By Joy Scott, Am Haskalah Congregant Last week’s Torah Parsha (SHEMOT) ended with Moses and Aaron both discouraged, as the Pharaoh of Egypt denied their request to free the...
By Angela Zanelli, friend of Am Haskalah
For the last few years, I have had the pleasure of writing a Chanukah article for a magazine. I like to focus on the concept of light and different ways that we can bring more light into the world, both literal and symbolic. Lighting candles, smiling at a stranger, doing mitzvoth (good deeds) – these are the things I believed in and wrote about. I have always been one to say that the more good you put out into this world, the more you will get back in return. However, this year it pains me to tell you that things are different. I write this with a heavy heart as I sit and watch our country become further divided. Neighbor against neighbor, friend against friend, sister against sister.
Before you continue reading, I need to tell you that this article is not going to be politically correct. You may even think that it’s one-sided and there is a very good chance that you will not agree with everything I say. Yet, just be careful to decipher between opinion and truth and know that staying quiet and turning a blind eye is what got us here in the first place.
As a result of the events that took place on Tuesday, November 8th, our lives as Americans will be forever changed. I know mine has. I am a Jewish, gay, woman living in Pennsylvania. My wife and I are raising three empowered young ladies in a world where swastikas appear on playgrounds, the President-elect is a self-proclaimed misogynist, and the KKK is holding recruitment rallies. Since the election, day after day, hour after hour, we as a people have been gradually torn apart. No matter what side of the coin you are on, it’s apparent that darkness has settled upon us. Some people liken this experience to the atrocities of World War II, the pain of Women’s Suffrage, or the hard fought journey of the Civil Rights Movement. I think it’s all of those and I have sat back and watched in one month the most revered country in the world take one giant leap backwards.
Thus, as I sit here I find it quite timely and ironic to write about a holiday that symbolizes the exact opposite of what we are presently living. Chanukah is a story of pure triumph over the oppressors. It’s about miracles, light, and focusing on the beauty that is found within. In fact, the menorah lighting itself symbolizes chasing away forces of darkness. But here we are. Here we are preparing ourselves for four years where we will see landmark rulings by the supreme law of the land overturned; discrimination running rampant in our communities; and the G-d-given rights of women, Muslims, gays, Jews, and more challenged. What else can I really say? I was truly at a loss for words so I looked for some guidance.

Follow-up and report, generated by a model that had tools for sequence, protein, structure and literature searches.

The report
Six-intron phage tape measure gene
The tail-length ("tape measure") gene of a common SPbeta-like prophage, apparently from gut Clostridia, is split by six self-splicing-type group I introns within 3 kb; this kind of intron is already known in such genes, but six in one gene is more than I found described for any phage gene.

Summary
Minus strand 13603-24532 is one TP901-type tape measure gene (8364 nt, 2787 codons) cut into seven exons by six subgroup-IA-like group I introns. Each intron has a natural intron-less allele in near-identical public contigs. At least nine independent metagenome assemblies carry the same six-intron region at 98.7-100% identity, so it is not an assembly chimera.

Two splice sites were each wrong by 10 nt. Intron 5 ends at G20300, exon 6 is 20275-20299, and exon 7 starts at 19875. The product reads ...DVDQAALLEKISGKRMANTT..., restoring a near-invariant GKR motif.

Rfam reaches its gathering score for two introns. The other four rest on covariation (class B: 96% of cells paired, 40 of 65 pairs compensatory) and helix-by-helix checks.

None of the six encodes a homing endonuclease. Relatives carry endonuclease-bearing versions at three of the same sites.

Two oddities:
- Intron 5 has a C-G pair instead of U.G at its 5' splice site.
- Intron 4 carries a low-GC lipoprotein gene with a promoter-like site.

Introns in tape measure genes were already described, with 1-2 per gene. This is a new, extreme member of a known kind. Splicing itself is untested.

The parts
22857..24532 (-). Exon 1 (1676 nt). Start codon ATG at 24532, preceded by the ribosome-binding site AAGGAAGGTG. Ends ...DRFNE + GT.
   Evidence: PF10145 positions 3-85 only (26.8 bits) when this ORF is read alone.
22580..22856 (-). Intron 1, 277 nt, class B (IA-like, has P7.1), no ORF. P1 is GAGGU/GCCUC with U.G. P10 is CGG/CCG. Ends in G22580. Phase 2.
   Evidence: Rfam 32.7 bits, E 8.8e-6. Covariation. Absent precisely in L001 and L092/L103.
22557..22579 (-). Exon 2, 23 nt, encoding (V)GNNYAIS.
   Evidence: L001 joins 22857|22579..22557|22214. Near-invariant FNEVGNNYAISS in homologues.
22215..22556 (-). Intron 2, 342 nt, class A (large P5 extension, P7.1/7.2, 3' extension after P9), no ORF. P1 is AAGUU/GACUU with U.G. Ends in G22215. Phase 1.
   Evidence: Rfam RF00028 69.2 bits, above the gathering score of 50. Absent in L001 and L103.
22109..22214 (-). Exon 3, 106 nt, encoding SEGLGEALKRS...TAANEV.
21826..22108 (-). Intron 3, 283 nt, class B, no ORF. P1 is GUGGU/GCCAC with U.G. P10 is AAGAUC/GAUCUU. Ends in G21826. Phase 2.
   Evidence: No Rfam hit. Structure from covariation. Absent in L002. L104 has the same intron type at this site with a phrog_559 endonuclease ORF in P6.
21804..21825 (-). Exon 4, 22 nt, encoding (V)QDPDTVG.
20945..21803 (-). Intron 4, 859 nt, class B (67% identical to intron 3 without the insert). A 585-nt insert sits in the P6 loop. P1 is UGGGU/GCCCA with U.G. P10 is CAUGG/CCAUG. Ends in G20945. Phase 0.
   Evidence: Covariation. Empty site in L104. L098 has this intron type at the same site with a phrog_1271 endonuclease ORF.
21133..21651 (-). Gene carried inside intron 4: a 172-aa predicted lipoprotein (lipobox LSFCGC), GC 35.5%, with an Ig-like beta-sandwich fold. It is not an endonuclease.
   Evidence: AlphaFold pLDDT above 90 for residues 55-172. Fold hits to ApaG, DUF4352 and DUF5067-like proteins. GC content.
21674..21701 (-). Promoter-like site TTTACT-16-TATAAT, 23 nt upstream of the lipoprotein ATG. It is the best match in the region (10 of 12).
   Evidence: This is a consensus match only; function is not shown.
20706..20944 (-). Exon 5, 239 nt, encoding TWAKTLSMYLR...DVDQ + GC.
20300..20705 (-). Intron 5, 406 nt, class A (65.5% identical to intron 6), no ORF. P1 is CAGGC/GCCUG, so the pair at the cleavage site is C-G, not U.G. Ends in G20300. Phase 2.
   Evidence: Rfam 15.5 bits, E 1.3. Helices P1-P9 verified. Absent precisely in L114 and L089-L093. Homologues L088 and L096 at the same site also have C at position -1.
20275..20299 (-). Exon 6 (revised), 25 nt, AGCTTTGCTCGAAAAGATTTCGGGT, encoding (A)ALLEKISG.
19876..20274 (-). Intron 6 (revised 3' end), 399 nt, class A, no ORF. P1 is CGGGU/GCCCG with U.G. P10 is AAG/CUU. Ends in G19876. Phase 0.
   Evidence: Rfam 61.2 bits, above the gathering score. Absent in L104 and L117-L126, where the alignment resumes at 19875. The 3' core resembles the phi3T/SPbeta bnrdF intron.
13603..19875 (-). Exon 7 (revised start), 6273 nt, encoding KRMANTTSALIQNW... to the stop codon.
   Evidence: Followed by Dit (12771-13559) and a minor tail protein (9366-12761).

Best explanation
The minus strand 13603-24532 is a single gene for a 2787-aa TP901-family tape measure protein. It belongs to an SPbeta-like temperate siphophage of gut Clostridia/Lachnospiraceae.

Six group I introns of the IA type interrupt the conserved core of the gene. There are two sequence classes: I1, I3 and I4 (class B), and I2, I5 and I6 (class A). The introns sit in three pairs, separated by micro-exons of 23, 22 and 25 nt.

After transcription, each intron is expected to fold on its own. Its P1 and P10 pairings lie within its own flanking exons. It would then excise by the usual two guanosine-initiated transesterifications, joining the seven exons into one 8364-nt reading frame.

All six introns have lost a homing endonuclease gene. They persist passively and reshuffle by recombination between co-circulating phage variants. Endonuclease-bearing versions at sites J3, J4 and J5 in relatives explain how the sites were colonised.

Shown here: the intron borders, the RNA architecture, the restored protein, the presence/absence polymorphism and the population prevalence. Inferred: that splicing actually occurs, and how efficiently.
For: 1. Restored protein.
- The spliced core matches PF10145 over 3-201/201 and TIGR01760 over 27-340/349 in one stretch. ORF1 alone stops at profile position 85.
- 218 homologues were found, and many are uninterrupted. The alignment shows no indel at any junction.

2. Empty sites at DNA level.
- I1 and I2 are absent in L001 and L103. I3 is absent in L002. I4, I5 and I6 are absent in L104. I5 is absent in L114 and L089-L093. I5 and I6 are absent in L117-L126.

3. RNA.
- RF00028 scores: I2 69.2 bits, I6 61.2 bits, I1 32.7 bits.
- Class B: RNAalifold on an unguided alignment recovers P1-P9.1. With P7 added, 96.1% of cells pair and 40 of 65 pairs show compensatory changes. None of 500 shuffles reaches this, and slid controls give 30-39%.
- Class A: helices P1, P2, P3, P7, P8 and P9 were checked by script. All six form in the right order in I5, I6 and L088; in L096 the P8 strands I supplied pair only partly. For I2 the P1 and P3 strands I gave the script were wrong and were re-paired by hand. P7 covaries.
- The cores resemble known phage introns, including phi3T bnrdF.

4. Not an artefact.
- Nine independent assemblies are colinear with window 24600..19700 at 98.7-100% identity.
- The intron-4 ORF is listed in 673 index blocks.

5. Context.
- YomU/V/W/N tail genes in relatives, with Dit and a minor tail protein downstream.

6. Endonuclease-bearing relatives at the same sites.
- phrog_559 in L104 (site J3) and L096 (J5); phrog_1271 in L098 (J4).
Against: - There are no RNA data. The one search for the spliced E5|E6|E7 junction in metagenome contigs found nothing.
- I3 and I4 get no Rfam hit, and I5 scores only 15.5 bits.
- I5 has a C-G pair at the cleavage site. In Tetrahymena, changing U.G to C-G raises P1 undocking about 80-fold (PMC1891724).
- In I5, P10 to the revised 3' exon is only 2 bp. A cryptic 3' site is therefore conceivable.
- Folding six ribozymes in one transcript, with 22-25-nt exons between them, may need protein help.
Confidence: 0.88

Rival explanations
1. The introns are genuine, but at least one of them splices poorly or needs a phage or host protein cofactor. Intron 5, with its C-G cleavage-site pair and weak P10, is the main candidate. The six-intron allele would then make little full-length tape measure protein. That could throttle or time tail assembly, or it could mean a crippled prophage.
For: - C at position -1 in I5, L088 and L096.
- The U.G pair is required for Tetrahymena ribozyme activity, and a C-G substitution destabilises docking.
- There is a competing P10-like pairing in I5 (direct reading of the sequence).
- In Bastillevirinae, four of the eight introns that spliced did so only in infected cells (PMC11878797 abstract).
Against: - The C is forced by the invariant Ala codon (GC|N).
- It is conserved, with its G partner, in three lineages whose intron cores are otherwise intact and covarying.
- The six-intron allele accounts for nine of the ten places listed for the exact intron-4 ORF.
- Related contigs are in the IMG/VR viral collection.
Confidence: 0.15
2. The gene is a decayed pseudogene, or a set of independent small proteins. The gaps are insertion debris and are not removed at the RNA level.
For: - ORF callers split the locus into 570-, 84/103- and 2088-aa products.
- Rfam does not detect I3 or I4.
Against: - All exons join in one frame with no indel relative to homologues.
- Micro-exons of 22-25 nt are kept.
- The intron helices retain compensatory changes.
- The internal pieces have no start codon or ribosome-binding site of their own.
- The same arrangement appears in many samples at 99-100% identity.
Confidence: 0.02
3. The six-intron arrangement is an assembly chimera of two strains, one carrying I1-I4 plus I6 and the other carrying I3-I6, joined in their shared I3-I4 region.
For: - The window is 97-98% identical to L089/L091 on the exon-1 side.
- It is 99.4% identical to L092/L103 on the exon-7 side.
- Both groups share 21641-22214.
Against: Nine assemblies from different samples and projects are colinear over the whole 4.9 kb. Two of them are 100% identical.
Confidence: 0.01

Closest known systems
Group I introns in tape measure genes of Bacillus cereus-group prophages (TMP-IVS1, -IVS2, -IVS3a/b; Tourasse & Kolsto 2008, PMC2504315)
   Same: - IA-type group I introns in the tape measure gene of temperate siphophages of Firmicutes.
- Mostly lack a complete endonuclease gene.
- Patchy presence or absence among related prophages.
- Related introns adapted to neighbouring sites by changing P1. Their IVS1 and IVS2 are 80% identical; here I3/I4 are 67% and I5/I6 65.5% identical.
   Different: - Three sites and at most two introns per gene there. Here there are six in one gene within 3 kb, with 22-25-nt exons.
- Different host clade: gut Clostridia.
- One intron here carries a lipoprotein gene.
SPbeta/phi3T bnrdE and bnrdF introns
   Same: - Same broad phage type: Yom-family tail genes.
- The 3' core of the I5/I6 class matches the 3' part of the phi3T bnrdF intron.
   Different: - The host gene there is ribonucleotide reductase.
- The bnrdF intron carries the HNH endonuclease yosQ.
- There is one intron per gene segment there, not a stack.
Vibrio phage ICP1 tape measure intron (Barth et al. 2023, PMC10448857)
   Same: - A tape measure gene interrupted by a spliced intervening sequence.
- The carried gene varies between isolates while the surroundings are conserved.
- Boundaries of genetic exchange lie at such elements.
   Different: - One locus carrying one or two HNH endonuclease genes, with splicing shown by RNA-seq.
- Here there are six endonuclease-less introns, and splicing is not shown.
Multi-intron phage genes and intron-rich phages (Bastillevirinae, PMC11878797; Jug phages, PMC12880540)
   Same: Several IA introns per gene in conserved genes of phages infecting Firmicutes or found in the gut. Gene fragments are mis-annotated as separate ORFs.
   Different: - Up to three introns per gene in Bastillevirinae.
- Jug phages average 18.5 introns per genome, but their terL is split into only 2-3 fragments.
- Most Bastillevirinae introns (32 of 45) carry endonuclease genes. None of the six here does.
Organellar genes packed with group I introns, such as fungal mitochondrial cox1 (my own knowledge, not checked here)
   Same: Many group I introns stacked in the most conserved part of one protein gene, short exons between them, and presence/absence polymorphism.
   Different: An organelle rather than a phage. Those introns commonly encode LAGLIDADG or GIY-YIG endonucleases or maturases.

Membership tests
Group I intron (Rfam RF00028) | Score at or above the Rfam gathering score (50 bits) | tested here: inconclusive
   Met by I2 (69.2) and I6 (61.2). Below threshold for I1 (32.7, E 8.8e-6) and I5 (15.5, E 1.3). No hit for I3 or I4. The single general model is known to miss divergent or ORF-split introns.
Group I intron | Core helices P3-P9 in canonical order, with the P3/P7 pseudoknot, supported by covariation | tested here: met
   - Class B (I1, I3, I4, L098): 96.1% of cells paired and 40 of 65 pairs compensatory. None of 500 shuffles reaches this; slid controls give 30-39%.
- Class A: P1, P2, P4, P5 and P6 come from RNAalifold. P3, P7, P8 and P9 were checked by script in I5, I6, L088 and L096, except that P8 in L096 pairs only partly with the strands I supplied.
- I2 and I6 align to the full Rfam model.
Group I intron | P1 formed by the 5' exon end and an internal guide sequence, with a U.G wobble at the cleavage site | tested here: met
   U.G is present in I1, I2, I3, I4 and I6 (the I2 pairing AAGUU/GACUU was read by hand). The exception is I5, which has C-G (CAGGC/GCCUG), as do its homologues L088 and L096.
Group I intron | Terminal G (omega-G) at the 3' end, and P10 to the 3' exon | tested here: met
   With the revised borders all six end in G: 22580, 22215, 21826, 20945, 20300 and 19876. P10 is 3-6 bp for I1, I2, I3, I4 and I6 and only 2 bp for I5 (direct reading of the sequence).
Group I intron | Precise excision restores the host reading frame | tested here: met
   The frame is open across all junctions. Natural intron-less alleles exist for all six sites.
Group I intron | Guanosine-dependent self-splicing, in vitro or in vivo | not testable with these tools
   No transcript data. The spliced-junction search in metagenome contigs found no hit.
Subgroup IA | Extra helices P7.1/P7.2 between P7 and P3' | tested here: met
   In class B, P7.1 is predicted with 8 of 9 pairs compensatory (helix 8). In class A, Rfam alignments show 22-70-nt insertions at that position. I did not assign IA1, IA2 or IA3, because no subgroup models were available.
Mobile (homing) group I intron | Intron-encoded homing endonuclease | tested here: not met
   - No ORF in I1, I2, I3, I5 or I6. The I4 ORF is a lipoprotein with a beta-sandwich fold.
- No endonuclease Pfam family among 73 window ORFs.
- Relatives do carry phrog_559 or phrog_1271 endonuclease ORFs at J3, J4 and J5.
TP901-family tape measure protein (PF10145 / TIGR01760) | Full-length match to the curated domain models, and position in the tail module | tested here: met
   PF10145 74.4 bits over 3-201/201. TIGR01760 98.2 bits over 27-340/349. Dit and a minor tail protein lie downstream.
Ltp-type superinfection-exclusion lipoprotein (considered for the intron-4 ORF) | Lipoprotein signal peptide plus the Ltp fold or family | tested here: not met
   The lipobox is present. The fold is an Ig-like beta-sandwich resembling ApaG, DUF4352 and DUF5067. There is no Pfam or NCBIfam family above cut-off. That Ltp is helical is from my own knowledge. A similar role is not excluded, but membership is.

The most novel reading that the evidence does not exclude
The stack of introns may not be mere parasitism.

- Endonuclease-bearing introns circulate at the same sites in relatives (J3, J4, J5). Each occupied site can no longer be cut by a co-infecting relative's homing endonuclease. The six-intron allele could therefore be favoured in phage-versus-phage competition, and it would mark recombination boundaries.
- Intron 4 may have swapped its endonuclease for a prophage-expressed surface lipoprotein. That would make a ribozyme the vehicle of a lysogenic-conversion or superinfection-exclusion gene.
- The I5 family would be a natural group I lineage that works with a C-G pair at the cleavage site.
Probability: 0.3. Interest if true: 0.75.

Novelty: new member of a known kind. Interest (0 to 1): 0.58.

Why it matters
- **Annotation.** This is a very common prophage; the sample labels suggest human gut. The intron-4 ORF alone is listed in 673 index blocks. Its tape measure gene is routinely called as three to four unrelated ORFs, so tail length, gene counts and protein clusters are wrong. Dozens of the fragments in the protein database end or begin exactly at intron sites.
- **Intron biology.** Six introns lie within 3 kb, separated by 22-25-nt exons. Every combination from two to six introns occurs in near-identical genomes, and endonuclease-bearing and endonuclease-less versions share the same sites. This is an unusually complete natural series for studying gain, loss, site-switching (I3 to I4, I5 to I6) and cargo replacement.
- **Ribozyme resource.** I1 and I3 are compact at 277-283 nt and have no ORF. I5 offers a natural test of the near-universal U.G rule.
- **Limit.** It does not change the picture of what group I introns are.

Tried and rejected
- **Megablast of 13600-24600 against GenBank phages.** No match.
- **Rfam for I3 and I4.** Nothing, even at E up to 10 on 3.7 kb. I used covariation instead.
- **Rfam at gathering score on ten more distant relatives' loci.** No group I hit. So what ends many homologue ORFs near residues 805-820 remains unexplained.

In the early part of the 1st Century CE, Hillel – the great leader of the Jewish Supreme Court in the Land of Israel – said:
“If I am not for myself, who will be for me? But if I am only for myself, who am I? If not now, when?”
This is a prime example of how we can look back and draw from our own history for answers. Here Hillel tells us that how we conduct our lives is in our own hands because no one else can do it for us; however, do not be fooled because if you exclude another then you give that person no value. To be selfish is to lose touch with the rest of the world and, more importantly, to lose touch with life. So the bottom line is, we all need each other. We cannot ignore our neighbors, our children, or our brothers – we are all one. And Hillel’s last sentence? It’s the most pertinent of all because we don’t know what each day will bring, thus we must treat every single moment as if it were a once in a lifetime opportunity.
I do not think it’s a coincidence that, this year, the first night of Chanukah falls on Christmas eve. It’s as if a higher power is saying, “Hey, we’re all in this together.” Of course I expect you all to showcase your menorahs front and center in your windows and light those Chanukah candles like never before. I want you to sing a little louder this year. Even if your children are young, help them light candles too.
And what else can you do? How can you ensure that the light from this holiday overpowers the darkness that abounds? Tell your daughters that they too can become engineers, scientists, and politicians; invite your gay neighbors for Shabbos; and be the first in line to register as a Muslim. Don’t be complacent and tell yourself that all of these atrocities of today were here before November 8th. If the courageous Maccabees took that same stance, we’d still be slaves in Egypt and there would be no Chanukah. We have an opportunity right now to rise above. If not now, when?
From my family to yours, wishing you all a most joyous, peaceful, and safe holiday.